In many of these northern cities, art from this period is notoriously militaristic (opens in new tab), abounding with skulls and bones and often showing war captives being killed and decapitated.
At Pakal Na, another southern site in Belize, a similar trophy skull was discovered inscribed with fire and animal imagery resembling northern military symbolism, suggesting a northern origin of the warrior it was buried with. The presence of northern military paraphernalia in the form of these skulls may point to a loss of control by local leaders.
Archaeologist Patricia McAnany has argued that the presence of northerners in the river valleys of central Belize may be related to the lucrative trade of cacao, the plant from which chocolate is made. Cacao was an important ingredient in rituals, and a symbol of wealth and power of Maya elites. However, the geology of the northern Yucatan makes it difficult to grow cacao on a large scale, necessitating the establishment of a reliable supply source from elsewhere.
At the northern site of Xuenkal, Mexico, Vera Tiesler and colleagues used strontium isotopes to pinpoint the geographic origin of a warrior and his trophy skull. He was local from the north. But the trophy skull he brought home, found atop his chest in burial, was from an individual who grew up in the south.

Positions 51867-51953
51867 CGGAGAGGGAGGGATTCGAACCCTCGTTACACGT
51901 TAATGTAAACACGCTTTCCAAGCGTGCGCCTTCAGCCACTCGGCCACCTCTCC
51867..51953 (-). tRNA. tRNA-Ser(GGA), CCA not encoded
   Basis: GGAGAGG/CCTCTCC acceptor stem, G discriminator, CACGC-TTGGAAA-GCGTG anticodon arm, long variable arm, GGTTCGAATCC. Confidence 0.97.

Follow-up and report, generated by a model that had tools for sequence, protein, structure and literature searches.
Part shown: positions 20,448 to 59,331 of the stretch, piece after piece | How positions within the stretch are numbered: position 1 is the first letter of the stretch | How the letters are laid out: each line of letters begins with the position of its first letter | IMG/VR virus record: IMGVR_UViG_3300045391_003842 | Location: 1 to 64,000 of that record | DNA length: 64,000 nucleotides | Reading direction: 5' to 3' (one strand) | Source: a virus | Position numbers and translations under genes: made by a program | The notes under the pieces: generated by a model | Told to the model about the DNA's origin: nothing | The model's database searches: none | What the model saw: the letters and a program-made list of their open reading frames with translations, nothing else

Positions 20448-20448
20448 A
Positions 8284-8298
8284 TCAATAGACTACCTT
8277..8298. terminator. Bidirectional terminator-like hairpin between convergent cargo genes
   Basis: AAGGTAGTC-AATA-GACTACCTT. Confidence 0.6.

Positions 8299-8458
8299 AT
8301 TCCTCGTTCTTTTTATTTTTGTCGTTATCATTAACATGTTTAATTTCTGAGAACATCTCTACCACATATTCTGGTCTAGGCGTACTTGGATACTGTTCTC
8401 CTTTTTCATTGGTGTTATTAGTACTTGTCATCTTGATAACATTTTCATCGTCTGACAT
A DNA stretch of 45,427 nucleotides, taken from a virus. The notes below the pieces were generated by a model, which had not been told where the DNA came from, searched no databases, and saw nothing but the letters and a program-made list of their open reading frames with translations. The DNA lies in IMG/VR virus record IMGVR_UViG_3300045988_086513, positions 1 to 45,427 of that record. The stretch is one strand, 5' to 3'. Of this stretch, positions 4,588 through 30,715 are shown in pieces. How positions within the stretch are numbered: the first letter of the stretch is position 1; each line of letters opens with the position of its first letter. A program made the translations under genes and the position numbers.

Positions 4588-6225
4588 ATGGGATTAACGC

Other evidence at a number of sites in the southern highlands seems to mark a sudden and violent end for the community's ruling order. Archaeologists have found evidence for the execution of one ruling family and desecration of sacred sites and elite tombs. At the regional capital site of Tipan Chen Uitz, approximately 20 miles (30 kilometers) east of Pacbitun, my colleagues and I found remains of several carved stone monuments that seem to have been intentionally smashed and strewn across the front of the main ceremonial pyramid.
Trophy skulls and power dynamics
Archaeologists are not only interested in identifying the timing and the social and environmental factors associated with collapse, which vary in different regions. We're also trying to figure out how specific communities and their leaders responded to the unique combinations of these stresses they faced.
While the evidence from just a handful of trophy skulls does not conclusively show that sites in parts of the southern lowlands were being overrun by northern warriors, it does at least point to the role of violence and, potentially, warfare as contributing to the end of the established political order in central Belize.
These grisly artifacts lend an intriguing element to the sweep of events that resulted in the end of one of the richest, most sophisticated, scientifically advanced cultures of its time.
Gabriel D. Wrobel, Associate Professor of Anthropology, Michigan State University.
This article is republished from The Conversation under a Creative Commons license. Read the original article.